Jill Wieber Lens
Associate Professor of Law
School of Law
Professor Jill Wieber Lens joined the faculty in 2018. Her current research focuses on legal recognition and treatment of stillbirth, mainly within tort and remedies law. She has also published extensively on tort remedies, mainly punitive damages. Her work has appeared in the Boston University Law Review, the Florida State University Law Review, the Utah Law Review, and the BYU Law Review, and has been cited by the United States Court of Appeals for the Fifth Circuit and the United States District Court for the Southern District of New York. She has also been quoted in the New York Times and the Los Angeles Times.
Professor Lens received her B.A. from the University of Wisconsin-Madison, with honors in political science and the liberal arts. She received her J.D. from the University of Iowa College of Law, where she received an Award for Outstanding Scholastic Achievement and graduated Order of the Coif. She also served as Note & Comment Editor of the Iowa Law Review.
Before joining the University of Arkansas, Professor Lens was a Professor of Law at Baylor University School of Law. Before entering academia, she practiced commercial and appellate litigation in St. Louis, Missouri.
Torts, Products Liability, Remedies, Evidence, Women and the Law
B.A. University of Wisconsin-Madison (with honors), J.D., University of Iowa College of Law (highest distinction, Order of the Coif)
Children, Wrongful Death, & Punitive Damages, 100 B.U. L. Rev (forthcoming 2020). [SSRN]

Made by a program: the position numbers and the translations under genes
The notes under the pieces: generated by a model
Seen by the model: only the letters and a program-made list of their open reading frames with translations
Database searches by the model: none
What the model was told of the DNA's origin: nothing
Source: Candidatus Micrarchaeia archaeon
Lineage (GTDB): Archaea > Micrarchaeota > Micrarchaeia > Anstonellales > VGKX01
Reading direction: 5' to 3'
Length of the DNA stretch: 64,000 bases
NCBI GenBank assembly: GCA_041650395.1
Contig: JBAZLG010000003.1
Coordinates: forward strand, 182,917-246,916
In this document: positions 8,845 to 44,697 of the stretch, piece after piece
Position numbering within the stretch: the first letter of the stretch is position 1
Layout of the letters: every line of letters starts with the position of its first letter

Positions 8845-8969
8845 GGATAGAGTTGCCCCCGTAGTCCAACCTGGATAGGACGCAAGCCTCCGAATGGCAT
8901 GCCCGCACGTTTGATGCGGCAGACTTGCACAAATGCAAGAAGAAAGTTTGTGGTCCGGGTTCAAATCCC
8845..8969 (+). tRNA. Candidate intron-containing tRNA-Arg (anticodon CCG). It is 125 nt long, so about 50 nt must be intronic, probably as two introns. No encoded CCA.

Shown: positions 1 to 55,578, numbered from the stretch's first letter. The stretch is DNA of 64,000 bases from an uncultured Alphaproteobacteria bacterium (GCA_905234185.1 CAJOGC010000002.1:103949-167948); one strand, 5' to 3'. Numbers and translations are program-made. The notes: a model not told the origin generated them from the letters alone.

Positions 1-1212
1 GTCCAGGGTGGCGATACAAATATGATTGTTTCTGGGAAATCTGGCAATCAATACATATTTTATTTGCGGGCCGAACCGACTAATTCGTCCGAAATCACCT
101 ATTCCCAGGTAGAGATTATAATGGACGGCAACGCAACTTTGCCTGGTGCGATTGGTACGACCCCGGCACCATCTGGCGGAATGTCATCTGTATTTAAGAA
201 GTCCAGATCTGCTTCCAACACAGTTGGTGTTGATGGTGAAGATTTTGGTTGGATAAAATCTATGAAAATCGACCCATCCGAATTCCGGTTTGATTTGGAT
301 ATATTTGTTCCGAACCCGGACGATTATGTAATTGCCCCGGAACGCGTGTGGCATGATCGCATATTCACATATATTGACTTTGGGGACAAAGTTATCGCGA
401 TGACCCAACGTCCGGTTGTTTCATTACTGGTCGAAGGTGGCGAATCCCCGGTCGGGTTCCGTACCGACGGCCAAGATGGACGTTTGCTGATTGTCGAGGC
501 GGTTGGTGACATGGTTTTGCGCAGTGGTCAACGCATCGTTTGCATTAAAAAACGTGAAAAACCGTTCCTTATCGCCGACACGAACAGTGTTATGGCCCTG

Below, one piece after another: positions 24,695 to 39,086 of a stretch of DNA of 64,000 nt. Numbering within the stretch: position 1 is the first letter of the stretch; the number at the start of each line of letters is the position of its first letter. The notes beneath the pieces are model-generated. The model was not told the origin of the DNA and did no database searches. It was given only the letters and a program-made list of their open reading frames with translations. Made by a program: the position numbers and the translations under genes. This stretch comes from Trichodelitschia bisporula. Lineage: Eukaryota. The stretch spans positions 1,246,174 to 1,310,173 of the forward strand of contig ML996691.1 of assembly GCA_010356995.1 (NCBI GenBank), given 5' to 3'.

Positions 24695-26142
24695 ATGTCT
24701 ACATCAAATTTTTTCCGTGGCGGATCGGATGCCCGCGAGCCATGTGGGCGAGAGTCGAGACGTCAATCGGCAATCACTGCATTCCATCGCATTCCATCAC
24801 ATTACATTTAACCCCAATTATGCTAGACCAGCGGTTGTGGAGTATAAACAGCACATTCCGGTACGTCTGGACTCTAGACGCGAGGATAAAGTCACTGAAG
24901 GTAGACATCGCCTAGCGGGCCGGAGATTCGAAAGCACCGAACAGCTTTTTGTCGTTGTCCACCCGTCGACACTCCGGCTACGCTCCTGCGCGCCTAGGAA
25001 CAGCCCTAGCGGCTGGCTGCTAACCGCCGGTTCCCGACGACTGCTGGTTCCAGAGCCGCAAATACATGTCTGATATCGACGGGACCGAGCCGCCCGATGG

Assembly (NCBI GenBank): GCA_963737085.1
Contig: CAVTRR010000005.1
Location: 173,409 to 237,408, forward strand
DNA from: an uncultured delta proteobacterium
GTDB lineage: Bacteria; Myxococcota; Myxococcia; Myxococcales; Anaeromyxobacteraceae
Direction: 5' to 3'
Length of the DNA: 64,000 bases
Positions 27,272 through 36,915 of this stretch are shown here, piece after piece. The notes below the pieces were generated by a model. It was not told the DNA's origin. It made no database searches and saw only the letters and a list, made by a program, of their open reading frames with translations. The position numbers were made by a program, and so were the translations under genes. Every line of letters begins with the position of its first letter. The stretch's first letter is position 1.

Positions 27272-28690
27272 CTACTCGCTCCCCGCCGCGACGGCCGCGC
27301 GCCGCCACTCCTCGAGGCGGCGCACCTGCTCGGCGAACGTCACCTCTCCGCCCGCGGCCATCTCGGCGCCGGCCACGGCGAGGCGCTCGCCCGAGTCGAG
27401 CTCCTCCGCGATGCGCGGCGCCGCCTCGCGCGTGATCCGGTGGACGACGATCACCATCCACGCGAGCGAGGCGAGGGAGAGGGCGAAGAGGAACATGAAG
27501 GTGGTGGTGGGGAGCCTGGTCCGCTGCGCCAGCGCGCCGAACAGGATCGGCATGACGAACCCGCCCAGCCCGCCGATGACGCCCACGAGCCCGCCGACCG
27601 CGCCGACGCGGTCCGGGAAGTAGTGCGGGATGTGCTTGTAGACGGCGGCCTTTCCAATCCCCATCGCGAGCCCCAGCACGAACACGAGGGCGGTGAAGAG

Commentary on Simpkins v. Grace Brethren Church of Delaware, in Feminist Judgments—Torts (Martha Chamallas and Lucinda Finley eds., forthcoming 2019).
Tort Law’s Devaluation of Stillbirth, 18 Nev. L. J. (forthcoming 2019). [SSRN]
The Ultimate in Women’s Labor: Rethinking feminism around pregnancy, birthing, and grieving a dead baby, with Dr. Joanne Cacciatore, in Routledge International Handbook of Women’s Sexual and Reproductive Health (Jane M. Ussher, Joan C. Chrisler, Janette Perz, eds., forthcoming 2019).
Defective Punitive Damages, 2017 UTAH L. REV. 1019 (2017). [SSRN]
An Undetectable Constitutional Violation, 106 KY. L. J. (forthcoming 2017). [SSRN]
Justice Thomas, Civil Asset Forfeitures, and Punitive Damages, 51 UC DAVIS L. REV. ONLINE (2017). [SSRN]
Stays Pending Appeal: Why the Merits Should Not Matter, 43 FLA. ST. U. L. REV. 1319 (2016). [SSRN]
Product Recalls: Why is Tort Law Deferring to Agency Inaction? 90 ST. JOHN’S L. REV. 329 (2016), reprinted in DEF. LAW. J., VOL. 66, NO. 1 (2017).
Warning: A Post-Sale Duty to Warn Targets Small Businesses, 2014 UTAH L. REV. 1013 (2014). [SSRN]
Tort Law’s Deterrent Effect and Procedural Due Process, 50 TULSA L. REV. 115 (2014). [SSRN]
Insurance Coverage for Elite Student-Athletes, with Joshua J. Lens, 84 MISS. L.J. 127 (2014). [SSRN]
Justice Holmes’s Bad Man and the Depleted Purposes of Punitive Damages, 101 KY. L. J. 789 (2013). [SSRN]
Procedural Due Process and Predictable Punitive Damage Awards, 2012 BYU L. REV. 1 (2012), reprinted in DEF. LAW. J., VOL. 61, NO. 3, at 113 (2013). [SSRN]
Punishing for the Injury: Tort Law-Based Limitations on Punitive Damages, 39 HOFSTRA L. REV. 595 (2011). [SSRN]
Honest Confusion: The Purpose of Compensatory Damages in Tort and Fraudulent Misrepresentation, 59 U. KAN. L. REV. 231 (2011). [SSRN]
The (Overlooked) Consequence of Easing the Prohibition of Expert Legal Testimony in Professional Negligence Claims, 48 U. LOU. L. REV. 53 (2009), reprinted in DEF. LAW J., VOL. 60, NO. 1, at 103 (2011). [SSRN]
Second Hand Choice: An Incompetent Pregnant Woman’s Constitutional Right to Choose Abortion, 90 IOWA L. REV. 791 (2005). [SSRN]